Your company’s website is the first exposure many potential customers are going to have to your business. Even if you run your business primarily offline, your digital presence can and should be a powerful marketing tool for your business. Think of your website as a way to introduce yourself to new customers and keep current customers engaged.
Depending on your industry and type of business, plan on customizing your site with appropriate content and tools. For example, a site for a brick-and-mortar clothing boutique may need nothing more than information about the business, some beautiful images of clothing, and a news and events listing. An online clothing seller, on the other hand, needs everything the boutique has as well as an ecommerce engine for online shopping.
Regardless of the type of company you have, there are some basic items every small business website should have.
1. Information About Your Business: the 5 W’s
When it comes to communicating your business to potential customers, the Five W’s are a good place to start:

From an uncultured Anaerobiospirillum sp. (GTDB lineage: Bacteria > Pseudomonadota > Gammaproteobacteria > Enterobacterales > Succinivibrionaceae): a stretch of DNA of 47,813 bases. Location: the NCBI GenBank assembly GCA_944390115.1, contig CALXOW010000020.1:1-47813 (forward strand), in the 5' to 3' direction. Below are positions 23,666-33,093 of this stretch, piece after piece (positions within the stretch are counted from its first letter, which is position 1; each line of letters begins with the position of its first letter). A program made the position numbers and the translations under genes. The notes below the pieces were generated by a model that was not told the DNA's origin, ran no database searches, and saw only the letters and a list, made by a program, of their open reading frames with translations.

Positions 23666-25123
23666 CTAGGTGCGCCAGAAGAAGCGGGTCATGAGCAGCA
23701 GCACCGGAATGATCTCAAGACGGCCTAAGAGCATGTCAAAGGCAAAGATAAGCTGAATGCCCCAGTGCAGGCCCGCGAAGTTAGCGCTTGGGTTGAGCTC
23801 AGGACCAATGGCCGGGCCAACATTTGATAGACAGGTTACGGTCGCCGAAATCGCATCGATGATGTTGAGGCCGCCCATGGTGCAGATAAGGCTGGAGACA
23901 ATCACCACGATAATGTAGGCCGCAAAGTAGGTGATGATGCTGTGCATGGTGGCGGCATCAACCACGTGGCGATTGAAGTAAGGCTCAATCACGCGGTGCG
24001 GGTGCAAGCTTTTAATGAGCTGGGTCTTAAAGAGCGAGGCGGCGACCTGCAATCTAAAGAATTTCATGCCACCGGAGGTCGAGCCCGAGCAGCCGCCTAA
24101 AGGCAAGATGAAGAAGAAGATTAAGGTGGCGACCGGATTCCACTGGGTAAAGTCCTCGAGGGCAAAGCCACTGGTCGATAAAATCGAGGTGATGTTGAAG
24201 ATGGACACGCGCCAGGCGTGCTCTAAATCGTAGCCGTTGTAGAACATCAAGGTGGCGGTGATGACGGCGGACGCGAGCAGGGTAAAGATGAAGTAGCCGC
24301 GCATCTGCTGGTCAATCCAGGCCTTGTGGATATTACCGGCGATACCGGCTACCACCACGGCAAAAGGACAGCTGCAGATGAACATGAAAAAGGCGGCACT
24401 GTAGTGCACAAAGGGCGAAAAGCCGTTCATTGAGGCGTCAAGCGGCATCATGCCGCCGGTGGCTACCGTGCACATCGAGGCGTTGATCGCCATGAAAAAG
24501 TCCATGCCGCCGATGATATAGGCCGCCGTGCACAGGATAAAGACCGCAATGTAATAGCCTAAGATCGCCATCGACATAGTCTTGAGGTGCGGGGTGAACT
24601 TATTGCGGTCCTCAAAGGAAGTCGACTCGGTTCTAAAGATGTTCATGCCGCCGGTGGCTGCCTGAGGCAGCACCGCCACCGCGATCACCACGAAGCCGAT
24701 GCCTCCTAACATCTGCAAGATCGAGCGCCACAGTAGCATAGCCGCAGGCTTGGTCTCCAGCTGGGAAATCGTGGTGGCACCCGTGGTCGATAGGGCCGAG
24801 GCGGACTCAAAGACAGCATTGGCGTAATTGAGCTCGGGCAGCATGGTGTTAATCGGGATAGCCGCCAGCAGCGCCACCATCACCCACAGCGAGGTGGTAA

1.Who are you? Let customers know what your business is all about. Share your mission statement. Introduce the team behind your brand.
2.What do you offer? Clearly communication what products or services you offer.
3.Where can customers purchase your goods and services? If your business is offline, let customers know where it is. If it’s online-only, direct them to where they can sign up or shop. If it’s a mixture of both, list all of the places where they can find your brand.
4.Why is your business important? Let customers know why your brand is better than the competition. Highlight what you have to offer that other companies in the space don’t, whether it’s a lower price, superior product, or locally-sourced materials.
5.When (and how) can customers reach you? If you’re an offline business, make sure you list your hours. If you’re online, let users know when customer service is available. Make your contact information highly visible on every page of your site.